“My fault entirely, Ma’am,” the mustached man murmured, removing his hat and offering a slight bow. “Deputy Bat Masterson at your service.”

“Winter Lindstrom,” Winter replied.

He made a noise in his throat. “Fascinating name. May I escort you inside?”

“No need, Bat.”

The voice came from behind Winter. She turned around and saw a huge man approaching. Of course, at only five feet tall, most men did look large to her, but this man stood well over six feet tall. His shoulders were broad, his arms long. His long-sleeved shirt was rolled up to his elbows, displaying thick and hairy forearms. He walked with a slightly bowlegged gait.

The deputy turned and grinned. “How you doing, Olsen?” he asked, extending a hand. He turned back toward Winter. “Ma’am, this is Henry Olsen, one of the town’s best blacksmiths.”

Winter stared at Henry Olsen, who also stared at her. He glanced at the deputy and smiled. “Bat, may I introduce you to my fiancée, Winter Lindstrom?”

The deputy guffawed and slapped the blacksmith on the shoulder. “You devil. I always knew you had it in you.”

The deputy turned to Winter and once again tipped his hat. “Congratulations to both of you,” he said, and then bid a quick farewell.

Winter shifted uncomfortably from one foot to the other. She didn’t want to stare, but Mister Olsen was
! He didn’t wear a hat, and she noted his dark, curly hair was long, brushing his collar in the back. A day or two’s growth of beard darkened his cheeks. He wasn’t handsome by any vivid stretch of the imagination, but he wasn’t ugly either. He wasn’t heavy, just solid.

And here she was, looking so puny beside him.

“My, my, my,” he said, shaking his head slightly. “May I say you’re a very lovely woman, Winter?” He extended a hand hesitantly toward a stray strand of hair that had escaped her bonnet, and then let it drop down by his side. “I don’t believe I’ve ever seen hair like yours. It’s lighter than the color of corn silk!”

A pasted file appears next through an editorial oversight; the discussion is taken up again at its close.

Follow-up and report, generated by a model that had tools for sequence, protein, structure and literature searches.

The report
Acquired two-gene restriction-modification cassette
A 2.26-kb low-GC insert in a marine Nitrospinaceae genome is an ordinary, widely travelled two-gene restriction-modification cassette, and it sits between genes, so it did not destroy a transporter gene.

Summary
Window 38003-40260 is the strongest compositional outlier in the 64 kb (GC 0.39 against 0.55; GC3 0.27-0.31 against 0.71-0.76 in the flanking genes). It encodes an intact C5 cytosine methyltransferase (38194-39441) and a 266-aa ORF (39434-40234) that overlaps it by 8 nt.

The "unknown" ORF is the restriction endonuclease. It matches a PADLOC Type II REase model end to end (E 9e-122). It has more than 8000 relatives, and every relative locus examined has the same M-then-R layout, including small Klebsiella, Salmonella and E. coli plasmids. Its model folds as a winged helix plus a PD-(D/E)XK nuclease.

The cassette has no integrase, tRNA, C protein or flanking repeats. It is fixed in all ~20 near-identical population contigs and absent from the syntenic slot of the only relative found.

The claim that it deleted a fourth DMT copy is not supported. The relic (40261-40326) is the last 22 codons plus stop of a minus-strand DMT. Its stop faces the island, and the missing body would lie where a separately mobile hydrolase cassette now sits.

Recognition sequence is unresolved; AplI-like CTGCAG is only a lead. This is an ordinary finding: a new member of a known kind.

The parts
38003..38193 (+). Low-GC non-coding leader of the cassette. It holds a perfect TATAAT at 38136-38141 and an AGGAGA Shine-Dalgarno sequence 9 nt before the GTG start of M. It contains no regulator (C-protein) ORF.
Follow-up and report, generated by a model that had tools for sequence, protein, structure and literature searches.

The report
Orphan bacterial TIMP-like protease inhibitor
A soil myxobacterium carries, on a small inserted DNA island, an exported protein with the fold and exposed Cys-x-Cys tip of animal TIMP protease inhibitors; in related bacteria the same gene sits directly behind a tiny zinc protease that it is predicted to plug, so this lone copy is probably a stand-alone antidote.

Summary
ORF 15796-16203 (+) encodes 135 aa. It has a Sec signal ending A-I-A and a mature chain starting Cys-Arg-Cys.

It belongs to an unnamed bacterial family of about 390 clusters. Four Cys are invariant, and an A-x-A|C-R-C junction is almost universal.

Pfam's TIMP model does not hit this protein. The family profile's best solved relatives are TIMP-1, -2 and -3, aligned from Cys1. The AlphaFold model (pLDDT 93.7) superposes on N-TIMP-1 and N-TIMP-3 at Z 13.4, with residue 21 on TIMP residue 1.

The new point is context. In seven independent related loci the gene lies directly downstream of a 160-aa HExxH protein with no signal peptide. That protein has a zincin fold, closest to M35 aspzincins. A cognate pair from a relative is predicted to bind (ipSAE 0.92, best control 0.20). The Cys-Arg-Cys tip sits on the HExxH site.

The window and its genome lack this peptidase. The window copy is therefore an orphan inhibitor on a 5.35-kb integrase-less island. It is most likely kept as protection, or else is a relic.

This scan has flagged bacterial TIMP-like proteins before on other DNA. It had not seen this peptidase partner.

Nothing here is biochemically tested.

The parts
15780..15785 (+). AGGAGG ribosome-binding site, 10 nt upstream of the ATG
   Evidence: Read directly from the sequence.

“According to my mother, that’s how I got my name,” Winter said, trying to make conversation. “She said when I was born, my hair was nearly white. Coupled with my fair skin and blue eyes, she couldn’t think of a more appropriate name.”

Henry smiled down at her. “The name suits you perfectly.” He gestured down the street. “Excuse me for the way I look,” he said, ruefully rubbing a hand across his stubbled jaw. “I wasn’t sure if your train was arriving today or tomorrow. I’ve been meeting it every day this week.”

She made a sound to imply that she didn’t mind. “I understand. Please don’t worry about it.”

“I have a blacksmith shop in town, but it’s not a fit place for a woman,” he continued, speaking quickly. “I also have a ranch about four miles outside of town. If you have no objections, we’ll stay tonight at the Dodge House, and then first thing in the morning we’ll go visit the preacher.”

Winter’s heart thudded dully in her chest. She supposed there was nothing else she could do. She had informed Henry about her divorce, but apparently the scandal of divorce didn’t come with the same impact out west as it did in her native hometown. She wondered about that. She had also briefly mentioned the fact that she had lost her child. He hadn’t asked questions, but she wasn’t sure if it was because he was being polite, to spare her pain, or because he just didn’t care. Looking up at him, she decided that it wasn’t the latter.

He looked like a kind enough man, and the wrinkles at the corners of his eyes bespoke a sense of humor. Still, what did she know? They had only exchanged two letters, and one could only express so much in writing. In them he had told her that he owned a blacksmith shop in Dodge City, and that his ranch outside of town, where he ran a large herd of cattle. Longhorn cattle. That was about it.

One thing she did get a sense of was that Henry Olsen was pleased that she had finally arrived. The journey had taken a couple of weeks, and she was tired, worn out, and her emotions were a jumbled mess.

BOOK: Winter's Torment
3.81Mb size Format: txt, pdf, ePub